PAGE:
A security team at Vilnius airport in Lithuania has managed to find its muse in what might seem—superficially—like an entirely uninspiring job, especially around the holiday season.
After dealing with throngs of harried travelers who insist on carrying prohibited items all year long, although they are listed on the airport website (pdf) and even depicted in images, one airport security team took a creative approach to informing passengers this year. They decorated a Christmas tree with all of the prohibited items they collected from negligent travelers throughout the year, turning confiscations into Christmas cheer.
What’s more, this was done with great aplomb and without any tree to speak of. Decorated densely with knives, scissors, boxcutters, lighters, nail clippers, keychains, bottle openers, and bullets, the conical statue is topped with an impressive, elegant star made of small daggers joined at the handles.
“With the winter travel season well under way, the Aviation security officers at Vilnius Airport opted for an unusual take on the Christmas classic, aiming to send an educational message on the importance of aviation security,” Lithuanian Airports announced on LinkedIn this week, calling it “a truly unique educational masterpiece.”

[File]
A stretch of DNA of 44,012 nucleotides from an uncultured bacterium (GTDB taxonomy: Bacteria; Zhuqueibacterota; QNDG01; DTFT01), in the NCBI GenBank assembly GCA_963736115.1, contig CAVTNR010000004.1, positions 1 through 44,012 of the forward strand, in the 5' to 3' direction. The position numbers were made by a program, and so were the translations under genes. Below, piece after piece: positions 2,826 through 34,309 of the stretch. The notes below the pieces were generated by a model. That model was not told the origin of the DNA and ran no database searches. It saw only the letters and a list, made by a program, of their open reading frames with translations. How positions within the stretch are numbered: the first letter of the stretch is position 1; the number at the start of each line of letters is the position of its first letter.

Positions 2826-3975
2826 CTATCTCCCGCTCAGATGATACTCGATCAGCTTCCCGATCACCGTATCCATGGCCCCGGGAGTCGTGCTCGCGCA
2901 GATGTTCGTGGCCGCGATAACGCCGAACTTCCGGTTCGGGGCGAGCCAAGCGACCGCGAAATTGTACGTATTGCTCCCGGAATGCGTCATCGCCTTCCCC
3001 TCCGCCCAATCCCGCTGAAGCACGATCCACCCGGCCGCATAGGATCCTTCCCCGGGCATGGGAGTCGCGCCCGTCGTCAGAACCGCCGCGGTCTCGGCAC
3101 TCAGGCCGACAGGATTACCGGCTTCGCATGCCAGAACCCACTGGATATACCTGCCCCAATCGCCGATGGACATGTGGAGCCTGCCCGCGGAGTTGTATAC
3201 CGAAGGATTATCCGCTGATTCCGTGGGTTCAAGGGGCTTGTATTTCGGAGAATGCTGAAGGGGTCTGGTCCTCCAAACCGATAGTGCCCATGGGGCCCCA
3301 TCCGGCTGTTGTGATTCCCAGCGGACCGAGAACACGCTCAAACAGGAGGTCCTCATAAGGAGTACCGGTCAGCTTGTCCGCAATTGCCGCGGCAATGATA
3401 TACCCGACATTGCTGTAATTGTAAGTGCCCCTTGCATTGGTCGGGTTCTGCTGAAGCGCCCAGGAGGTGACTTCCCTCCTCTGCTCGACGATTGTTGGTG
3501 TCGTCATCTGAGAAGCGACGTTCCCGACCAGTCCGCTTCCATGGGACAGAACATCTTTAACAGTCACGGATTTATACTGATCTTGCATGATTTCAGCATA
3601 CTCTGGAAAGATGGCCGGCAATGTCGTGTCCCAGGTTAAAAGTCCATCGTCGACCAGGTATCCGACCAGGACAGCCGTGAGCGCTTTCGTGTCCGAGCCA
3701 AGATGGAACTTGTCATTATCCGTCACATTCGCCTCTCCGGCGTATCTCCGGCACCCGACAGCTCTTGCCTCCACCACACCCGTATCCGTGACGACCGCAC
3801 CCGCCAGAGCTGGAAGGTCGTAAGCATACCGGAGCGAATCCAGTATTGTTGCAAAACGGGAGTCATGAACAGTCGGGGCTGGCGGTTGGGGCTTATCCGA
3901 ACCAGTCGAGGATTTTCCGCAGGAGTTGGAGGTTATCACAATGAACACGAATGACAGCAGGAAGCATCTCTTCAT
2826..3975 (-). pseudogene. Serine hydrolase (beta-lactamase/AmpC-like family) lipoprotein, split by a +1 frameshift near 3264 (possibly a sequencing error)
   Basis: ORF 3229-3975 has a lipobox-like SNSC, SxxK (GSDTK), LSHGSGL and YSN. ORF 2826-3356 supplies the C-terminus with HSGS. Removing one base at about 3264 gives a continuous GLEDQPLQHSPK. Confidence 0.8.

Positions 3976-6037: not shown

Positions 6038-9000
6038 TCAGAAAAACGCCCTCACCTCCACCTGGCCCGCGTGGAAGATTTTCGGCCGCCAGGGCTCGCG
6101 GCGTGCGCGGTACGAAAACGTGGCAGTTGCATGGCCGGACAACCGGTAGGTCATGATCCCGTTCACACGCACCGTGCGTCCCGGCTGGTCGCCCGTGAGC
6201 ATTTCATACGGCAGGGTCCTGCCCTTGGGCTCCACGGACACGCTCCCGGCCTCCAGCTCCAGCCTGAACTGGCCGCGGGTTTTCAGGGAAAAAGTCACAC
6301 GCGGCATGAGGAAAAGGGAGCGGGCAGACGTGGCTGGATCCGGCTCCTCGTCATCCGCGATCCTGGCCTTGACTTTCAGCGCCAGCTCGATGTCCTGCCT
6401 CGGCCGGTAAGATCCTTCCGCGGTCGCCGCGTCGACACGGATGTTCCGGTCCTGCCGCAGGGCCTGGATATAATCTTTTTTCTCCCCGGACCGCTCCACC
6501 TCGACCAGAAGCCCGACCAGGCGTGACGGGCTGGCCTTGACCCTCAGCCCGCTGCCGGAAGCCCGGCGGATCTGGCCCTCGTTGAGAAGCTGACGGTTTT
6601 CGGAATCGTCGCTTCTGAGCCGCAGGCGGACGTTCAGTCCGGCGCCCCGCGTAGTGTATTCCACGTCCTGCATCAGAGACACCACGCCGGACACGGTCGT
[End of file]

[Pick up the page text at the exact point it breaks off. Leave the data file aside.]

Some observers agreed, but not all, which is perhaps just more proof of the statue’s artistic value. “Wow this is a serious piece of art!” wrote one aviation executive from England in response to the airport’s post. Yet the Independent deemed it dour, calling it “the least cheerful Christmas tree ever.”
But this creative gift from airport security also comes with a warning. “With knives, scissors, lighters, blades and all other sorts of dangerous goods on it—this Christmas tree has it all. So if you don’t want your personal, yet prohibited, belongings to land on our next year’s Christmas tree—better check out the baggage requirements before you pack for your next flight,” the post noted.
Despite the boast about having it all, there was one controversial type of prohibited item that appears to be absent from the Lithuanian Christmas tree that American airport security personnel confiscate at a rate of about 10 per day: guns. As Quartz’s Justin Rohrlich has explained, agents intercept thousands of firearms, loaded and unloaded, at hundreds of airports across the US, with the numbers rising each year.
The Vilnius airport’s artful Christmas tree’s only visible gun looked to be made of masking tape, apparently created to display a bullet hanging from a keychain.